Thirty-year-old Mahima Thakur was working from her hometown Shimla throughout the lockdown months during the Covid-19 pandemic. Now, she is looking to move to Gurgaon for a new job. And is busy doing house-search.
Thakur, who lived in Mumbai earlier for career purposes, did not know what was in store for her in Gurgaon. She was piqued by the concept of ‘builder floor’ homes, relatively cheaper to rent than homes in gated housing societies, which are two-three-storey houses but do not boast of amenities that the gated complexes have. But the cheaper rent comes with expensive electricity and lack of safety.
The latter made Thakur expand her house-search to gated societies that may offer some security to a single woman. However, she has been rejected by three house owners because she is single. She tried to fit herself into the “family category” by explaining that her mother would be visiting and living with her frequently, but it did not cut ice, making her wonder if she will be able to take up her new job in Gurgaon. “They only prefer married couples as tenants. What if I decide to not get married and live alone. Will I always face ire while living in a city,” she asked.
Restrictions, curfews only for women
Single women are not included in the concept of housing – it has been structured for families living in apartments, independent homes, and housing societies. City plans, when they do focus on housing, do not take into consideration that women moving away, alone, from their families would need accommodation too. In the absence of private accessible accommodation, women of middle classes fall back on the few public hostels that some cities have.
However, here, they must put up with curfews and restrictions. Constant monitoring and control by hostel wardens are a hurdle for women who work night shifts or irregular work hours. Some women who manage to get their desired houses on lease have to deal with house owners imposing riders on who they bring home (people of the same sex and gender) and get “permission” from parents if they stay out for a few days. These restrictions are often not imposed on men.
Koyena Saha, 25, an experience designer from Kolkata, moved to Bengaluru in May this year. Saha found a flat and paid the token amount after which, the house owner told her that she could not bring home friends of any gender, play music in the house, or have parties since this was a residential area. She went along because she wanted the work assignment.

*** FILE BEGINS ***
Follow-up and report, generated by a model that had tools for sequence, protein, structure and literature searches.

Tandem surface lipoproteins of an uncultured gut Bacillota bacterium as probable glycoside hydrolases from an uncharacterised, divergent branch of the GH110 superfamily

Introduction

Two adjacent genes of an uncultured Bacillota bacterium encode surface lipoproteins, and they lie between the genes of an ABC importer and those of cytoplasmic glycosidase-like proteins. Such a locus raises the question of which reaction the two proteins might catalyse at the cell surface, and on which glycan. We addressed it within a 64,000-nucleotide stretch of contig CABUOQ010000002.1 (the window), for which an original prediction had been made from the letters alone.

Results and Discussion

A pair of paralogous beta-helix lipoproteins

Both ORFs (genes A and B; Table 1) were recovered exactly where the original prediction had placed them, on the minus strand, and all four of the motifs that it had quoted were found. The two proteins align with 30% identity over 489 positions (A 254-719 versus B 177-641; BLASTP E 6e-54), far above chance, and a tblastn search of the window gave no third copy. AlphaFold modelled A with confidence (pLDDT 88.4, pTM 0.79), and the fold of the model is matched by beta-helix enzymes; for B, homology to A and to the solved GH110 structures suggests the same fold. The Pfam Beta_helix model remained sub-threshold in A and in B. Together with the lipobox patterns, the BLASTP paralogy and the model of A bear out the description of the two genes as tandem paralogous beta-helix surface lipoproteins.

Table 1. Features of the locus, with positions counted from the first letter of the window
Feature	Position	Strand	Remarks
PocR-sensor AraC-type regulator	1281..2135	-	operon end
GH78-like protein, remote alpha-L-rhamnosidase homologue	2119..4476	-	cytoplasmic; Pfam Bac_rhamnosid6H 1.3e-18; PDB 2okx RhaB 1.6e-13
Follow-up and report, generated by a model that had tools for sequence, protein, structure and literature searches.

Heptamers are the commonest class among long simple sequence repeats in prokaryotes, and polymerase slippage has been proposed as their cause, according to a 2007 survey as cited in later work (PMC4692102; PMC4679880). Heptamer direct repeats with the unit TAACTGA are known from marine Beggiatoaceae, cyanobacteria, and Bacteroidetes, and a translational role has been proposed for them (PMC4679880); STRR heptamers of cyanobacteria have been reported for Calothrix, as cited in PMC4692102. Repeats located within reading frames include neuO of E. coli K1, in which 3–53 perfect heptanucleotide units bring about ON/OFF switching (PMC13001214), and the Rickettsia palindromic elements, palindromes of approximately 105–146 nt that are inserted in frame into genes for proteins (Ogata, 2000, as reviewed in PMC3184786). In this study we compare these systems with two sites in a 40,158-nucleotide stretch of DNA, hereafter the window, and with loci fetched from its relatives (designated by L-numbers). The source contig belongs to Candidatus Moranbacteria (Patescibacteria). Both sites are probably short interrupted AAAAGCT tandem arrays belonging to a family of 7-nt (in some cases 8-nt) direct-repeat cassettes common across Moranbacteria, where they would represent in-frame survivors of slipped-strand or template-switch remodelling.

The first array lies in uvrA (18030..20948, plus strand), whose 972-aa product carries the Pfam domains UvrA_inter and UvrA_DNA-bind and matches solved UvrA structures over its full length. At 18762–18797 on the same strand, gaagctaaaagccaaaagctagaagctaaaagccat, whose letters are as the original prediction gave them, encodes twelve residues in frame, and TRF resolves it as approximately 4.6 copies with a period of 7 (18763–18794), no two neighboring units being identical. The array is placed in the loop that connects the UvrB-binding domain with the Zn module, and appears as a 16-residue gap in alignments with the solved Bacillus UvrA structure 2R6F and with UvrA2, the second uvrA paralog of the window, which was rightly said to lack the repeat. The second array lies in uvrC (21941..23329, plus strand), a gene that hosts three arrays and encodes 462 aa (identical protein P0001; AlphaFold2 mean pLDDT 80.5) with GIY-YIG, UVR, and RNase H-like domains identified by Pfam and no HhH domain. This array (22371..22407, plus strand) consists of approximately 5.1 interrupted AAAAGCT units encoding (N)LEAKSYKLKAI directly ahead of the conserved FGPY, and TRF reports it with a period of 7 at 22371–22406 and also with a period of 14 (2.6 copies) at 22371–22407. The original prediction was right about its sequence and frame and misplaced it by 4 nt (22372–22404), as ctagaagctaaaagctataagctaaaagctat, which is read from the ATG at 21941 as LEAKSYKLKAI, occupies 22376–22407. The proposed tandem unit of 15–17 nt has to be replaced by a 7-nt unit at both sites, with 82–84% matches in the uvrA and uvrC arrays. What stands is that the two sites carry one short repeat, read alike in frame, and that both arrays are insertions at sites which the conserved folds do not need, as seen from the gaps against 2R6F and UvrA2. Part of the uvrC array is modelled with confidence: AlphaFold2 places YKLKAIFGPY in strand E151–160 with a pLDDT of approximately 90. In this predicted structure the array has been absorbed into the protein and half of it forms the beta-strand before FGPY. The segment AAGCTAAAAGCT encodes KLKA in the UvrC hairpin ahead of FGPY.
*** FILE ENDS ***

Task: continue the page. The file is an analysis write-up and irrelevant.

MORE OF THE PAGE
If women’s single status irks house owners in “good” housing societies, then women with partners pose a bigger problem. After Saha found a house on lease, her partner coming in from another city to help her move raised many eyebrows. To quieten nosy neighbours and sundry others, she introduced him as her fiancé. “I had to divulge unnecessary personal details to convince them that it was appropriate for me to live in this area. House owners behave like we (women who live alone) will defame the housing society by calling friends or boys to our house.”
Many single working women have to deal with house owners who chalk out a long list of dos and don’ts, making it difficult for them to rent houses. Amita Sana, 24, a UI/UX designer from Hyderabad, moved to Bengaluru after her company’s working model turned hybrid. She lived in a PG for six months as she could not find a house. The brokers would not show her around residential or family-friendly localities because landlords in these areas were against renting houses to bachelors. When she did find a house that she liked, the house owner told her and her housemates that they had to be home before 9pm, could not invite boys over and also had to have their parents inform the landlord if they had to go out of town.
No amount of influence or popularity can spare a single woman from being subject to the infantilisation impinged upon them in the house-hunting process. A famous television personality once had to fly down from Delhi to Mumbai to talk to his daughter’s prospective house owner in south Mumbai and assure the latter that the grown woman had the character to be rented a house to. She, a trained lawyer working with a well-known legal firm, could not escape the scrutiny. The house owner had refused to sign the lease papers without meeting at least one of her parents.
A constant juggle to stay safe
For women, wanting to lead better lives is not only about finding a house in a new city — it’s also about how they assert themselves so that people do not take advantage of them. It is a constant exercise of setting boundaries for others, to juggle between asserting herself and keeping herself safe. Sana had to deal with brokers who would constantly talk over her. She said, “When you’re negotiating the deposit with brokers or landlords, some of the men dominate because you’re a woman. They speak over you, they don’t let you negotiate, and when you do negotiate they make you feel like you don’t know enough.”
Women bear it all just to be able to live in a city. Away from the control of their watchful families, they finally get to experience life as individuals. The idea of living alone might be daunting for some women, making them opt for hostels where some chores are taken care of – food is cooked, washrooms are cleaned, and electricity bills are paid. But hostels have restrictions — curfew time, no outside food, and no guests. Most hostels and paying guest accommodations are designed such that the residents directly go to their rooms with limited spaces to be social. In several instances, these forms of alternative housing are not accessible because they have a long wait list of applicants.